By Will Dunham
WASHINGTON (Reuters) - The Tibetan Plateau, the harsh Asian domain known as the 'roof of the world,' would not seem an ideal place for people to call home thanks to its extreme altitude, frigid temperatures, relentless winds and low-oxygen conditions.
When people did succeed in colonizing this remote land, it was only after they discovered how to feed themselves year-round with cold-hardy crops like barley brought to the region from far away, scientists said on Thursday.
They described 53 archeological sites in Qinghai province in northwestern China where they found remnants of rustic structures, hearths, pottery, animal bones, cereal grains and other evidence of human habitation from 5,600 feet to 11,000 feet above sea level (1,700 to 3,400 meters).
They found signs of periodic human presence dating to the Ice Age at least 20,000 years ago. There were settlements at lower altitudes by 5,200 years ago, mainly in the valleys of the upper Yellow River, with inhabitants relying on millet, a frost-sensitive crop unsuited for the higher altitudes.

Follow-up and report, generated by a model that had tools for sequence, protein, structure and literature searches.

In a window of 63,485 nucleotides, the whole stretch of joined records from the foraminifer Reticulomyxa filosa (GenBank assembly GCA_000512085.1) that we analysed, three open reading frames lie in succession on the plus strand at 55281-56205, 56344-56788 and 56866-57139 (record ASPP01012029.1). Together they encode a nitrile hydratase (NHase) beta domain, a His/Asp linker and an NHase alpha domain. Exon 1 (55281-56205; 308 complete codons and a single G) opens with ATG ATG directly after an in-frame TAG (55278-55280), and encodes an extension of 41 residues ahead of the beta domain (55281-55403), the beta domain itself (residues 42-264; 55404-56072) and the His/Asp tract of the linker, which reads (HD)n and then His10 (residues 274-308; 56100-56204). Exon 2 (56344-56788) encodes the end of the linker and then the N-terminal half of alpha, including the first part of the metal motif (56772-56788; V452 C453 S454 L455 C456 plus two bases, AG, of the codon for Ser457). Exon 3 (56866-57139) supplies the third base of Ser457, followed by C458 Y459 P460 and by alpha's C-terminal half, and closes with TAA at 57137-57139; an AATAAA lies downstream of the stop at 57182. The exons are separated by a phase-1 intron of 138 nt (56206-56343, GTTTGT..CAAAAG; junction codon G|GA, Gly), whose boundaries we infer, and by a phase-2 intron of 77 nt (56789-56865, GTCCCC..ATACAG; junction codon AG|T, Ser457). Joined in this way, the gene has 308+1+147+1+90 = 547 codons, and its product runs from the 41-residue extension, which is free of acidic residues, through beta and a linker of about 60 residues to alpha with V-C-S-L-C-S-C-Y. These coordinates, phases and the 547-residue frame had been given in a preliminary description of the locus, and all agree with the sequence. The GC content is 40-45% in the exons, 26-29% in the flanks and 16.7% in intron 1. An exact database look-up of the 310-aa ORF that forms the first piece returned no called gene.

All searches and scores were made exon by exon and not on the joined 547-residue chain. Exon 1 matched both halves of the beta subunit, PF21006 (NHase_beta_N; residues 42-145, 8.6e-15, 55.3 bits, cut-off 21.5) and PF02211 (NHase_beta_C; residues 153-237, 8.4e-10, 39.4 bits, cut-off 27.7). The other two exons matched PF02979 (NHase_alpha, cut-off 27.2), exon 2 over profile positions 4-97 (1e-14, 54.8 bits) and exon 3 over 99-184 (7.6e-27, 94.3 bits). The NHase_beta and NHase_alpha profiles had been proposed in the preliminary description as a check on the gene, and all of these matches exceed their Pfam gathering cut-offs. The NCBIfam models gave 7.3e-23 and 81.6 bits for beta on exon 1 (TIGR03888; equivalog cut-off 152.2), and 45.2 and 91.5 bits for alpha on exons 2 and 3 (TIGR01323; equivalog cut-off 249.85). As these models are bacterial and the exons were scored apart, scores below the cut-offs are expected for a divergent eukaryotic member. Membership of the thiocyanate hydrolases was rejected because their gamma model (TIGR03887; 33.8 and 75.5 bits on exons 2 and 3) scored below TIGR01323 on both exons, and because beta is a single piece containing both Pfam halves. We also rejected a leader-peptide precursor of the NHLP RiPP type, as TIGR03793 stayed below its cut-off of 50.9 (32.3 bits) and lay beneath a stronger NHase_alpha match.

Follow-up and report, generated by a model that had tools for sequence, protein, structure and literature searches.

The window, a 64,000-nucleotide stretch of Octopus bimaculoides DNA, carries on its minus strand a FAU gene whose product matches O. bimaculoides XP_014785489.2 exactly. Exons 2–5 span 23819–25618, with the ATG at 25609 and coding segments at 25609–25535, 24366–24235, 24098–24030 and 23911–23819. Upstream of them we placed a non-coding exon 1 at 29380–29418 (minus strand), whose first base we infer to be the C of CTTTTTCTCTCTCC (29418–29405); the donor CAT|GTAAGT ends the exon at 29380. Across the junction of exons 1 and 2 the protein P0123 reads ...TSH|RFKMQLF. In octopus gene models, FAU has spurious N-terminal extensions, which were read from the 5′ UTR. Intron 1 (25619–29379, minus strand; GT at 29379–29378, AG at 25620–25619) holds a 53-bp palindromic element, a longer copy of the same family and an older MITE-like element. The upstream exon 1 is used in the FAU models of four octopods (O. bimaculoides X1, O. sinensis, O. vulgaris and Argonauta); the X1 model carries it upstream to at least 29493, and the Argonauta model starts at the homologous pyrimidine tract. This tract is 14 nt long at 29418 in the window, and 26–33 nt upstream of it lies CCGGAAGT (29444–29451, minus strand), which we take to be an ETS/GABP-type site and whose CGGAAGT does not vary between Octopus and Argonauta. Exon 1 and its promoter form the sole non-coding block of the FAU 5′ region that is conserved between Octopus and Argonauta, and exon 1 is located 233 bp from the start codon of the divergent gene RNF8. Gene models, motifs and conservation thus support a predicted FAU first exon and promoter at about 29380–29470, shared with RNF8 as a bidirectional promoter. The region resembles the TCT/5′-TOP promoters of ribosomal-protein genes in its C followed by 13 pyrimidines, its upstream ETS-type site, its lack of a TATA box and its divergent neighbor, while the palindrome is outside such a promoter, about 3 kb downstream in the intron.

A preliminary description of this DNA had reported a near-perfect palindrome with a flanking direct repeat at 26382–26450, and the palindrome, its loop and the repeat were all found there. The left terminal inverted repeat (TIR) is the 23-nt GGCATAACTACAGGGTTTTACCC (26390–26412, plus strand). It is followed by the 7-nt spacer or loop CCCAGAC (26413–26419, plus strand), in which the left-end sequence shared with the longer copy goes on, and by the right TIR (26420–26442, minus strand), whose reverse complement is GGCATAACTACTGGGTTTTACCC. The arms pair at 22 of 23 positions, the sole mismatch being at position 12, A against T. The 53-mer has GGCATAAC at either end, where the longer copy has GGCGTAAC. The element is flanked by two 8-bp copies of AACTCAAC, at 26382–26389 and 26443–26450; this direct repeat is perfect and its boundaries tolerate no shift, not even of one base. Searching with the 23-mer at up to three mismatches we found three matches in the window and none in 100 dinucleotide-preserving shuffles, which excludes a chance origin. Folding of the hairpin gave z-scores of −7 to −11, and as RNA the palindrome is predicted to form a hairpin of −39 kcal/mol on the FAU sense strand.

Permanent settlements with agriculture and livestock were established about 3,600 years ago at high altitudes - above 9,800 feet (3,000 meters) - after barley was introduced to the region.
"They could quite plausibly be the earliest sustained settlements in the world at this altitude," said University of Cambridge archaeologist Martin Jones, one of the researchers.
Unlike millet, barley flourishes even in the conditions of the Tibetan Plateau's high altitudes.
"As barley is frost hardy and cold tolerant, it grows very well on the Tibetan Plateau even today. Therefore, barley agriculture could provide people enough - and sustained - food supplies even during wintertime," added archaeologist Dongju Zhang of Lanzhou University, another of the researchers.
Barley was the main high-elevation crop, with wheat grown as well. Neither was native crop to the region. They were domesticated in the so-called Fertile Crescent of the ancient Near East thousands of years earlier and were introduced to this area about 4,000 years ago, the researchers said.
Livestock also were important in sustaining the settlements. The researchers said domesticated sheep arrived at about the same time as barley and wheat.
Jones said these people not only conquered the extreme altitude raising livestock and growing crops, but their expansion into the higher, colder heights occurred as the temperatures on continent were becoming colder.
The research was published in the journal Science.
(Reporting by Will Dunham; editing by Andrew Hay)